Friday, October 31, 2008

Kuleya mimba si kazi

I like kanga's. Not only because it is a unifying piece of cloth as they are being worn throughout Kenya as skirts, shawls, baby carriers, etc., but also because they often have these interesting Swahili sayings printed on them. Some classic ones include the following:
  • Kuleya mimba si kazi: Kazi ni kuleya mwana.
  • Mtaka yote hukosa yote.
  • Njia mwongo fupi.
Although kanga's have been in existence since the middle of the 19th century, and Swahili sayings have been added to the design since the beginning of the 20th century, I feel that some of these messages seem even more relevant in our Kenya of today than ever before. Take for example:
  • Acha kukuna makovu ya mende. (in the amnesty or justice debate)
  • Adui mpende. (decaying political parties, new alliances being formed)
  • Shemeji zima taa. (because the electricity bills are too high to leave the lights on anyway)
And others are - unfortunately, after so many years - still not very relevant in Kenya:
  • Akili ni mali.
  • Amani, Upendo, Umoja.
  • Baada ya dhiki, faraja.
And you, do you have a favorite Kanga saying? Or a funny one you have come across?


Shiko-Msa said...

Sina Siri nina jibu

Kazi iendelee

Pride of Kenya

Utamaliza visigino kwa safari za umbea - Loosely translated You'll wear out your heels going to gossip.

Asante Mama kwa yako mema malezi

Pokea yangu zawadi kwa yako mema matendo

Hunilishi Ninivishi wala nimibabaishi - you don't feed me you don't clothe me and so you can go to hell.

Not you Rafiki or your readers lol. This last one is a scathing and sarcastic message to a rival.

Japo kidogo pokea kutoka moyoni mwangu - when you're giving someone a gift.

Rafiki said...

lol shiko, so funny you made my day!
Kazi iendelee??? Did it ever start?
I didn't know you had a rival, you don't look like the kind of person to ever get a rival.

Shiko said...

Your article is a good one. It hit home because I live in Khanga land.

Rafiki kazi never started!

Pride of Kenya is very beautiful and perfect for tourists both local and international.

Si you know the first one was for some campaigns at Mvita for Sharrif Nassir and Najib Balala? It means Not Nassir but Najib. Sina Siri nina Jibu.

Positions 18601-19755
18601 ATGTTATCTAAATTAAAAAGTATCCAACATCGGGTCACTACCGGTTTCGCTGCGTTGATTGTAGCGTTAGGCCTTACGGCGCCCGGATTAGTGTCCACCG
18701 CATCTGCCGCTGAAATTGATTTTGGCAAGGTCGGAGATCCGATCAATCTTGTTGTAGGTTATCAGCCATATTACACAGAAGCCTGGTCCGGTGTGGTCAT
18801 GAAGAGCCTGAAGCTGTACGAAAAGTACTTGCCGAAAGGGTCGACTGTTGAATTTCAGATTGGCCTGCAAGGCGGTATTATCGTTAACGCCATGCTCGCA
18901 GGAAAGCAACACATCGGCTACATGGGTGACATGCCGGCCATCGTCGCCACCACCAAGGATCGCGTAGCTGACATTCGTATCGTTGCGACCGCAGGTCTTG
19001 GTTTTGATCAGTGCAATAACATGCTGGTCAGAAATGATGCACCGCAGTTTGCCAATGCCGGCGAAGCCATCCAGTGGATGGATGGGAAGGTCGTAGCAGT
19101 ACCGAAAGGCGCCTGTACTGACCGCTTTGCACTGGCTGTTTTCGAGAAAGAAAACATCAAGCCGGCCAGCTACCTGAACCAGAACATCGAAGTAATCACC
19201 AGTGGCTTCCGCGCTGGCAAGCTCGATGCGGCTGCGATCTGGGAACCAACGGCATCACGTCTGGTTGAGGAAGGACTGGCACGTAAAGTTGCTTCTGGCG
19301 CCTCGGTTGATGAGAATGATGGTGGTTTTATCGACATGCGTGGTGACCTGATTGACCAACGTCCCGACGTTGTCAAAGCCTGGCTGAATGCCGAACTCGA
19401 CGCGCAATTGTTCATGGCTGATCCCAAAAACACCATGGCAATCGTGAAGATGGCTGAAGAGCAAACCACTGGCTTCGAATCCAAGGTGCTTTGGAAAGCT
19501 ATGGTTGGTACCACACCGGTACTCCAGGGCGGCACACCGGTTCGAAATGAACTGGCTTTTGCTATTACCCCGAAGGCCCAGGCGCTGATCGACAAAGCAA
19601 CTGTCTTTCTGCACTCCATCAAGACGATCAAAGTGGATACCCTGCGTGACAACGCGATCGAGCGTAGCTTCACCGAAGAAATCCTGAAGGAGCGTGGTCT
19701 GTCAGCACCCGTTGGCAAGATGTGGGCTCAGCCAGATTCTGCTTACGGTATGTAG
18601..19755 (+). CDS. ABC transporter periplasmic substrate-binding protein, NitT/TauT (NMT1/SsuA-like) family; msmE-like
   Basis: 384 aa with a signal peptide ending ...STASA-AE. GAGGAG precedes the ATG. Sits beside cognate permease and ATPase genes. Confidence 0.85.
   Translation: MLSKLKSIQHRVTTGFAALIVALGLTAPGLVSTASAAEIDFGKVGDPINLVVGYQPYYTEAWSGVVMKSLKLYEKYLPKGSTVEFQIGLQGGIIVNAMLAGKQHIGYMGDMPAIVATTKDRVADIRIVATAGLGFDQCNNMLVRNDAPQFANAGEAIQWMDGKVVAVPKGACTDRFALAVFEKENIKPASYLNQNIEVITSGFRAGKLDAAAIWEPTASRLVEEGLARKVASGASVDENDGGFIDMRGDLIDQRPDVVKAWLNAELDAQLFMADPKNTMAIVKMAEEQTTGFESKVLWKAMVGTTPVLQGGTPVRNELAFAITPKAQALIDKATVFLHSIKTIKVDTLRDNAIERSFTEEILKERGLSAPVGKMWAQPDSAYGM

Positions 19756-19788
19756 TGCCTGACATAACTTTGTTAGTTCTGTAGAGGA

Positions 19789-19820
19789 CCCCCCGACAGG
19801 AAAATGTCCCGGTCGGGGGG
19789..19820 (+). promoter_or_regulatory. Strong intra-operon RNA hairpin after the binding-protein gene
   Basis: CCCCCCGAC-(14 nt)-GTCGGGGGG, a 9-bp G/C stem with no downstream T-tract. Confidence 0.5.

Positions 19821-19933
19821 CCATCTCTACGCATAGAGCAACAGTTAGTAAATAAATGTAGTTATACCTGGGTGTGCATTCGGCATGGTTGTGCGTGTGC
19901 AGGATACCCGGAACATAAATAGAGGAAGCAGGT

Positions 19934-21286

Not my rival Rafiki Lol. But some ladies of coastal origin are known to ask for this particular one or something along those lines when they've had a feud with a neighbor or co-wife. Since they all understand the whole words in the khanga thing, they wear it to be read and the rival for sure will read it. And then she'll go out and purchase something in reply. The Khanga world is quite interesting.

Rafiki said...

So interesting shiko, communicating and replying through kanga's! May be a better alternative than blogging, emailing, chatting and sms-ing.
BTW, what is the right spelling: kanga or khanga? I think both are okay.

Shiko-Msa said...

Should be Khanga but people tend to use both. Kanga is a bird. A guinea fowl if I'm not wrong. In the village we used to call it nganga.

The Khanga/Leso communication world is quite big here by the way. The coastal woman takes pride in the khangas she has. There are some that are used by married women to send enticing messages to their husbands. Other than domestic use, weddings, funerals and such other gatherings often have a particular uniform khanga for all the women in attendance and for just that purpose. The words are chosen for that occasion. Some like for funerals are difficult to use again.

The organizers pick a khanga and ask participating members to buy. some buy and distribute for free depending.

Rafiki said...

Exciting khanga/leso communication! Most urban youths now find them old-fashioned though. I think khanga's are cool and sexy.
Any Obama khanga's out there?

Busokelo said...

We have some Barack Obama khangas at

Rafiki said...

@ Busokelo: Thanks for the link. Now we have something to wear on January 20 in Washington.
Nice site you have there. How is it doing?